Iraq urged to form government

Top U.S., British diplomats visit

April 03, 2006|By AAMER MADHANI | AAMER MADHANI,CHICAGO TRIBUNE

BAGHDAD,Iraq -- In a surprise visit to the Iraqi capital yesterday, the top U.S. and British diplomats told Iraqi leaders they are growing impatient with the slow progress of political negotiations and pressed them to come to an agreement on a new government.

U.S. Secretary of State Condoleezza Rice and British Foreign Minister Jack Straw's trip to Baghdad came as some members of the leading Shiite religious parties have called for Ibrahim al-Jaafari to renounce his nomination for prime minister.

For the second straight day, a Shiite legislator from al-Jaafari's coalition called on him to step aside, charging that he has become too divisive and is standing in the way of a national unity government being formed. Kurdish, Sunni and secular members of the parliament have been calling for weeks on members of the Shiite alliance to pick someone else for their nomination.

Speaking to reporters after a day of meetings with Iraqi officials, Rice said it was up to the Iraqis to pick their leaders. But she did not offer an endorsement of al-Jaafari, who won the United Iraqi Alliance caucus by one vote. Rice noted that al-Jaafari was picked as the nominee Feb. 11 but has not been able to form a government.

"Well, I don't know who the prime minister is going to be, and it's not our role to try and determine who the prime minister is going to be," Rice said, according to a State Department transcript. "They've got to get a prime minister who can actually form the government. Whoever that person is, we're going to support."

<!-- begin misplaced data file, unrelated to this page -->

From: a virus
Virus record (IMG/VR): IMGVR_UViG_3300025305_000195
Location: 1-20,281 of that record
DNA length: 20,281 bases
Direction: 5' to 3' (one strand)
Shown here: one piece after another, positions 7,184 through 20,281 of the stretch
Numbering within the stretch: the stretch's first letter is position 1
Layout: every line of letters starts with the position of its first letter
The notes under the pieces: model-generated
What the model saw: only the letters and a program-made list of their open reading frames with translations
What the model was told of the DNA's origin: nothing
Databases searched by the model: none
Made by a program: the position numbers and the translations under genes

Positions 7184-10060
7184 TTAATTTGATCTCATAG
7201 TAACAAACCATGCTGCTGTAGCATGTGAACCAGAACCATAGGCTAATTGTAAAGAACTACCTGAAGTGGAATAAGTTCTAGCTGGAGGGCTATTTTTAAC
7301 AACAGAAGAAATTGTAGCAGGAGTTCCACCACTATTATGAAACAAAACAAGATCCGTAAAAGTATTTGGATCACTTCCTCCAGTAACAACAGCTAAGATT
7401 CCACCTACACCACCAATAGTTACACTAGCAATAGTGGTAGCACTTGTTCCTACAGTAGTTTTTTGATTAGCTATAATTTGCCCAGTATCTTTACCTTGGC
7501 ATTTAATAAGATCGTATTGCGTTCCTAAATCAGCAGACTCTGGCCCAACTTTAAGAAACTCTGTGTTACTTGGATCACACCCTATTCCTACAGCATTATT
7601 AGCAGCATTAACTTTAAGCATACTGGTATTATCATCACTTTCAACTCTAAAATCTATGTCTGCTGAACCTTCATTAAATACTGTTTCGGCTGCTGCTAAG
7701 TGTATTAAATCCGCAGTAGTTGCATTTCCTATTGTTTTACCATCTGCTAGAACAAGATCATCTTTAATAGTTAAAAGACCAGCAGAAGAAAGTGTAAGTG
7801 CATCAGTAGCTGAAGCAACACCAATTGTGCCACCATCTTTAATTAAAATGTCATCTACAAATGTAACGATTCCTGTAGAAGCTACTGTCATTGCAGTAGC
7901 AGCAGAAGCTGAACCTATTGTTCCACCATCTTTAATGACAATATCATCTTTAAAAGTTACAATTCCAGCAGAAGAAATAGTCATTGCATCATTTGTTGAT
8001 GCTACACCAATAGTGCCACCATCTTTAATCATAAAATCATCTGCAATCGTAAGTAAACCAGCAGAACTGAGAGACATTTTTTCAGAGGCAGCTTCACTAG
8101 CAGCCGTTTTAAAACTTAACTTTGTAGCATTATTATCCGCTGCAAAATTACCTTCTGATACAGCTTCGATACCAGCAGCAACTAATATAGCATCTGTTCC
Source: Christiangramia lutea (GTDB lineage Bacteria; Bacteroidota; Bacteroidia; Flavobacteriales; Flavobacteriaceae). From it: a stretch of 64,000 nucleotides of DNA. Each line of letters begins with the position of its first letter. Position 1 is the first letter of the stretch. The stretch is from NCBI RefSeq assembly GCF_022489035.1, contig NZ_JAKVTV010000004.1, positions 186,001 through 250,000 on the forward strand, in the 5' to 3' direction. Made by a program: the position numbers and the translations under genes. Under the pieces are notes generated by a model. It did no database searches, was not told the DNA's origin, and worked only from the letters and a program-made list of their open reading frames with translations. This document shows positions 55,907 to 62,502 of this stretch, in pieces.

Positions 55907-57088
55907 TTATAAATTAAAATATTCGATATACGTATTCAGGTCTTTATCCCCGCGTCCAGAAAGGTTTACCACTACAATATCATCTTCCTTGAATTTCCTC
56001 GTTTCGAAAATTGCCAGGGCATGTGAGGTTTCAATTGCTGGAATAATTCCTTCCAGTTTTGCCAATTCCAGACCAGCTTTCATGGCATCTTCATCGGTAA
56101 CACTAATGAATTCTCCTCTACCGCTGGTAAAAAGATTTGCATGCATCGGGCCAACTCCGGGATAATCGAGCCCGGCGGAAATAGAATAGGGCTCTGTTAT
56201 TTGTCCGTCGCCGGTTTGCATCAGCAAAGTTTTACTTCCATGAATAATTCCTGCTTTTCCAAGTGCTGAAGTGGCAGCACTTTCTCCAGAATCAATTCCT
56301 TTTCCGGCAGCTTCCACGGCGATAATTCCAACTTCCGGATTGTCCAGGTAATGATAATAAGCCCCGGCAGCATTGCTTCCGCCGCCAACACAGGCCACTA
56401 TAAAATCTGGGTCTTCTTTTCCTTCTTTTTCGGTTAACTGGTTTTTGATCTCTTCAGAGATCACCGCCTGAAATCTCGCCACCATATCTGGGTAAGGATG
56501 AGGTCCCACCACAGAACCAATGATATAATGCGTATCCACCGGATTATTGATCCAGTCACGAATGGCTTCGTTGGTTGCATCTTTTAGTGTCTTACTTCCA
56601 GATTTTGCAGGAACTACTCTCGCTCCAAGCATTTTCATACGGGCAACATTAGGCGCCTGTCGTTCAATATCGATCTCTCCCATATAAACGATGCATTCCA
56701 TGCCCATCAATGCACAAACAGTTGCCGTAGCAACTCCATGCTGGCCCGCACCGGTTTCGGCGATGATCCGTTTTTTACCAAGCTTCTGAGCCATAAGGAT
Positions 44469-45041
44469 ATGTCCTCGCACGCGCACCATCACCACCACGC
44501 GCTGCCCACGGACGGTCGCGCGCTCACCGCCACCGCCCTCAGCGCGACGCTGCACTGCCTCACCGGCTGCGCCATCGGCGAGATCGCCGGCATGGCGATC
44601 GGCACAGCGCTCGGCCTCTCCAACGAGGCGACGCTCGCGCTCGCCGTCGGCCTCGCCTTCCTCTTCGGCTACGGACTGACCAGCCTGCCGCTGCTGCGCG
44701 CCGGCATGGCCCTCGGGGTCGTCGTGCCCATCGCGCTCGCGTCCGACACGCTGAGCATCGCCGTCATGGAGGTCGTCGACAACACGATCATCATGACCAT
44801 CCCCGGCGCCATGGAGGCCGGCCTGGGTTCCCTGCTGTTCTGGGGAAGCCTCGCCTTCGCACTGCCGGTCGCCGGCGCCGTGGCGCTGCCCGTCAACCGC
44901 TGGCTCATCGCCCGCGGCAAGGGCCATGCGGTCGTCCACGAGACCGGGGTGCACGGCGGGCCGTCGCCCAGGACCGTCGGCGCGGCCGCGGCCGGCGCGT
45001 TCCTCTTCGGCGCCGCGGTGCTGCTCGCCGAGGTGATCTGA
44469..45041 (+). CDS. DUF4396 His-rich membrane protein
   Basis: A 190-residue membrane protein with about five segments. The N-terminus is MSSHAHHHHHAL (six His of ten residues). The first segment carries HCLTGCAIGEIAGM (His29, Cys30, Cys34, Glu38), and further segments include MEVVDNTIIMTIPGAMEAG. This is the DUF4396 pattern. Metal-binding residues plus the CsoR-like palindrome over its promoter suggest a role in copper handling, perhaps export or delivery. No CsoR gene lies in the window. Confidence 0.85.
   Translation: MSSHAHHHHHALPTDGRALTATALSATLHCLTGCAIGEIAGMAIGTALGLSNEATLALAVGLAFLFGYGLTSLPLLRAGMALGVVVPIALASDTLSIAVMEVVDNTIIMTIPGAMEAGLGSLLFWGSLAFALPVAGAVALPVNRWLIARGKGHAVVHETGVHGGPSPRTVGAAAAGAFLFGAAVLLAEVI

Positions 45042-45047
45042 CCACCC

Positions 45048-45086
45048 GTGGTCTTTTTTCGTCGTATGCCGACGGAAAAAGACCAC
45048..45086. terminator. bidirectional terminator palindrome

The surprise visit came on a day that violence throughout the country offered new evidence that sectarian tensions remain taut. Insurgents blew up a small Shiite mosque northeast of Baghdad yesterday, while police reported that at least 42 bodies were found in several neighborhoods of the Iraqi capital, news services reported.

In a separate development, the U.S. military reported the deaths of five U.S. service members yesterday. The U.S. military recovered the bodies of two pilots whose helicopter crashed southwest of Baghdad a day earlier. The AH-64D Apache Longbow may have crashed because of hostile fire west of Yousifiyah, the military reported.

Two American soldiers were killed by a roadside bomb while on patrol in central Baghdad late Saturday, the U.S. military said. A soldier from the 101st Airborne Division died Thursday from nonbattle injuries suffered in northern Iraq.

Rice and Straw met with President Jalal Talabani, Vice President Adil Abdul-Mahdi, al-Jaafari and Sunni leaders.

Al-Jaafari accused the Bush administration of meddling in Iraqi affairs after reports last week that President Bush had conveyed that he preferred that the Iraqi Alliance dump him as their nominee for prime minister.

A spokesman for the Supreme Council for Islamic Revolution in Iraq, a Shiite party, said Bush sent a message through U.S. Ambassador Zalmay Khalilzad to the party's leader, Abdul-Aziz Hakim, that he preferred that the Iraqi Alliance replace al-Jaafari.

In a statement, Hakim later backed away from that statement.

The relationship between U.S. officials and Shiite leaders has grown strained in recent weeks as Khalilzad has put pressure on al-Jaafari to stem the problem of Shiite militias, which have been suspected of running death squads to settle scores with Sunnis.

Yesterday, Jalal Eddin al-Sagheer, a parliament member with the Iraqi Alliance and aligned with the Supreme Council, said al-Jaafari is no longer accepted by Iraqi parties and foreign countries, and should step aside. A day earlier, Shiite parliamentarian Qassim Dawoud was the first alliance member to call for al-Jaafari to withdraw his nomination.

U.S. officials have said they believe the key to stamping out the sectarian violence afflicting Iraq is to form a government of consensus. Rice said she and Straw underscored the growing impatience of Americans and Britons over the situation.

"I was very direct that the United States and, indeed, Great Britain and a number of others ... have put a lot of treasure - and I mean human treasure - on the line to try to give Iraq an opportunity for a democratic government," Rice said.

Aamer Madhani writes for the Chicago Tribune.

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